This international, multicenter, phase 3 trial was conducted at 41 centers in 8 countries worldwide. Eligible patients were adults who had midgut neuroendocrine tumors that had metastasized or were locally advanced, that were inoperable, that were histologically confirmed and centrally verified, and that showed disease progression (according to Response Evaluation Criteria in Solid Tumors [RECIST], version 1.119) on either computed tomography (CT) or magnetic resonance imaging (MRI) over the course of a maximum period of 3 years during treatment with octreotide LAR (20 to 30 mg every 3 to 4 weeks for at least 12 weeks before randomization). Patients were required to have a Karnofsky performance-status score of at least 60 (on a scale from 0 to 100, with lower numbers indicating greater disability), a tumor with well-differentiated histologic features, and somatostatin receptors present on all target lesions (as confirmed by blinded, independent central review). Well differentiated histologic features were defined as a Ki67 index (the percentage of cells that are positive for Ki67 as determined by immunostaining of the primary tumor) of 20% or less; tumors were assessed as low-grade if they had a Ki67 index of 0 to 2%, intermediate-grade if they had a Ki67 index of 3 to 20%, or high-grade if they had a Ki67 index of greater than 20%, with a lower grade indicating a lower rate of proliferative activity. Target lesions were selected from CT or MRI, and the degree of expression of somatostatin receptors was determined on the basis of the lesion that had the highest uptake of radiotracer observed on planar somatostatin receptor scintigraphy within 24 weeks before randomization. All CT and MRI images were reviewed and evaluated for disease progression (according to RECIST criteria) and somatostatin receptor expression by independent central reviewers who were unaware of the treatment assignments.
Key exclusion criteria were a serum creatinine level of more than 150 μmol per liter (1.7 mg per deciliter) or a creatinine clearance of less than 50 ml per minute; a hemoglobin level of less than 8.0 g per deciliter; a white-cell count of less than 2000 per cubic millimeter; a platelet count of less than 75,000 per cubic millimeter; a total bilirubin level of more than 3 times the upper limit of the normal range; a serum albumin level of more than 3.0 g per deciliter, unless the prothrombin time value was within the normal range; treatment with more than 30 mg of octreotide LAR within 12 weeks before randomization; peptide receptor radionuclide therapy at any time before randomization; and any surgery, liver directed transarterial therapy, or chemotherapy within 12 weeks before randomization.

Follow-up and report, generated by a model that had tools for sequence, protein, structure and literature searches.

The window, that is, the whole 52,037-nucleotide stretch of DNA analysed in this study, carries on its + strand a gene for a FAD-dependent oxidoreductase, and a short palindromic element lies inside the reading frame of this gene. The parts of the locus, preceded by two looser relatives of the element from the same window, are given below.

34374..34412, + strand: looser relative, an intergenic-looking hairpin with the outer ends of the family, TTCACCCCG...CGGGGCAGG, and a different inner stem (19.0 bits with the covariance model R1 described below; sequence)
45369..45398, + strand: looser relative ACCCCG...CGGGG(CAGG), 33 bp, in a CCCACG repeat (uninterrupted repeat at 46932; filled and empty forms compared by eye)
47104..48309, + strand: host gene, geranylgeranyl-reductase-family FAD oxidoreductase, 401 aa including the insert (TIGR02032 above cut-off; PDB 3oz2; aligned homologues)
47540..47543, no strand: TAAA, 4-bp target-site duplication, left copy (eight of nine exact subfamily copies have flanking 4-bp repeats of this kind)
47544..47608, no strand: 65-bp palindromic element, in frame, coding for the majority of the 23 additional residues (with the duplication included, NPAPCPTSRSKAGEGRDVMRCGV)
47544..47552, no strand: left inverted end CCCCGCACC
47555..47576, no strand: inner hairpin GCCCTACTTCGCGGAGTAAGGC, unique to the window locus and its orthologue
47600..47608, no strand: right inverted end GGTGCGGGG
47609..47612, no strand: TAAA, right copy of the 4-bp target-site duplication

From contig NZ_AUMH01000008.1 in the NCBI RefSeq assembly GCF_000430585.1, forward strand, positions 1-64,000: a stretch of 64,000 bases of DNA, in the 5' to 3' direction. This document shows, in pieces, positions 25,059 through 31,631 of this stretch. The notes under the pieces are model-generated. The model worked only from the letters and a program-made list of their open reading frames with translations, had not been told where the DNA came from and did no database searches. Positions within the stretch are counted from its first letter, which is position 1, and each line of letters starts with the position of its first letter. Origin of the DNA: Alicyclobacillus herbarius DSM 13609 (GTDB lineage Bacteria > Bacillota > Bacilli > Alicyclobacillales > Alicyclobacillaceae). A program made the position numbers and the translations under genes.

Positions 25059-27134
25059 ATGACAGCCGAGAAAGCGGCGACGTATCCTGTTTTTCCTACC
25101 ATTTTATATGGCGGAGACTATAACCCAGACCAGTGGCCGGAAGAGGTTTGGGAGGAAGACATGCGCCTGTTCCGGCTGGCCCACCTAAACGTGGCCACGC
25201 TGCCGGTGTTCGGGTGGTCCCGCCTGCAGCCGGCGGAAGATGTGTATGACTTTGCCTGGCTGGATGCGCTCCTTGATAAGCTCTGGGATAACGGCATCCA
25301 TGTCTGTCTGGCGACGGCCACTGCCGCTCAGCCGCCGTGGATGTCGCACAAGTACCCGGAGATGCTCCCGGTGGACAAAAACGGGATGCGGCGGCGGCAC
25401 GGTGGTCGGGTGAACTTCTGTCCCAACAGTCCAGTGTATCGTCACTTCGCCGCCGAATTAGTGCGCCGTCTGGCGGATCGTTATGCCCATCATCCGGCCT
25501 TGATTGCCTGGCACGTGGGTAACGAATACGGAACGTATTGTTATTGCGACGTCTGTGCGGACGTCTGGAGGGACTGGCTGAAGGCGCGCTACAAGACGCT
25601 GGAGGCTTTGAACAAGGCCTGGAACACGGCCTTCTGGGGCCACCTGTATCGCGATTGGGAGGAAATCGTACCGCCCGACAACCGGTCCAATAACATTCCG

In this open-label, phase 3 trial, we randomly assigned patients, in a 1:1 ratio, to receive 177LuDotatate plus best supportive care, consisting of octreotide LAR at a dose of 30 mg every 4 weeks for symptom control (177Lu-Dotatate group) or to receive high-dose octreotide LAR, at a dose of 60 mg every 4 weeks (control group). Randomization was performed with the use of a centralized permuted block (block size of 4) randomization scheme, with stratification according to the highest tumor uptake score on somatostatin receptor scintigraphy (grade 2, 3, or 4 on a scale ranging from 0 [no uptake by tumor] to 4 [very intense uptake by tumor] with higher grades indicating a higher level of expression of somatostatin receptors)12 and according to the length of time that a patient had been receiving a constant dose of octreotide (≤6 months or >6 months).
In the 177Lu-Dotatate group, 7.4 GBq (200 mCi) of 177Lu-Dotatate was infused intravenously over a period of 30 minutes. Patients received four infusions every 8 weeks (cumulative radioactivity, 29.6 GBq [800 mCi]) unless unacceptable toxic effects occurred, centrally confirmed disease progression (according to RECIST) was present on imaging, the patient was unable or unwilling to adhere to trial procedures, the patient withdrew consent, or the patient died. For renal protection, an intravenous amino acid solution (Aminosyn II 10% [21.0 g of lysine and 20.4 g of arginine in 2 liters of solution] or VAMIN-18 [18 g of lysine and 22.6 g of arginine in 2 liters of solution]) was administered concomitantly for at least 4 hours, starting 30 minutes before infusion of the radiopharmaceutical. In the 177LuDotatate group, patients continued to receive supportive care with octreotide LAR, which was administered intramuscularly at a dose of 30 mg approximately 24 hours after each infusion of 177Lu-Dotatate and then monthly after completion of all four treatments. In the control group, octreotide LAR at a dose of 60 mg was administered intramuscularly every 4 weeks. In both treatment groups, patients were allowed to receive subcutaneous rescue injections of octreotide in the event of hormonal symptoms (i.e., diarrhea or flushing) associated with their carcinoid syndrome.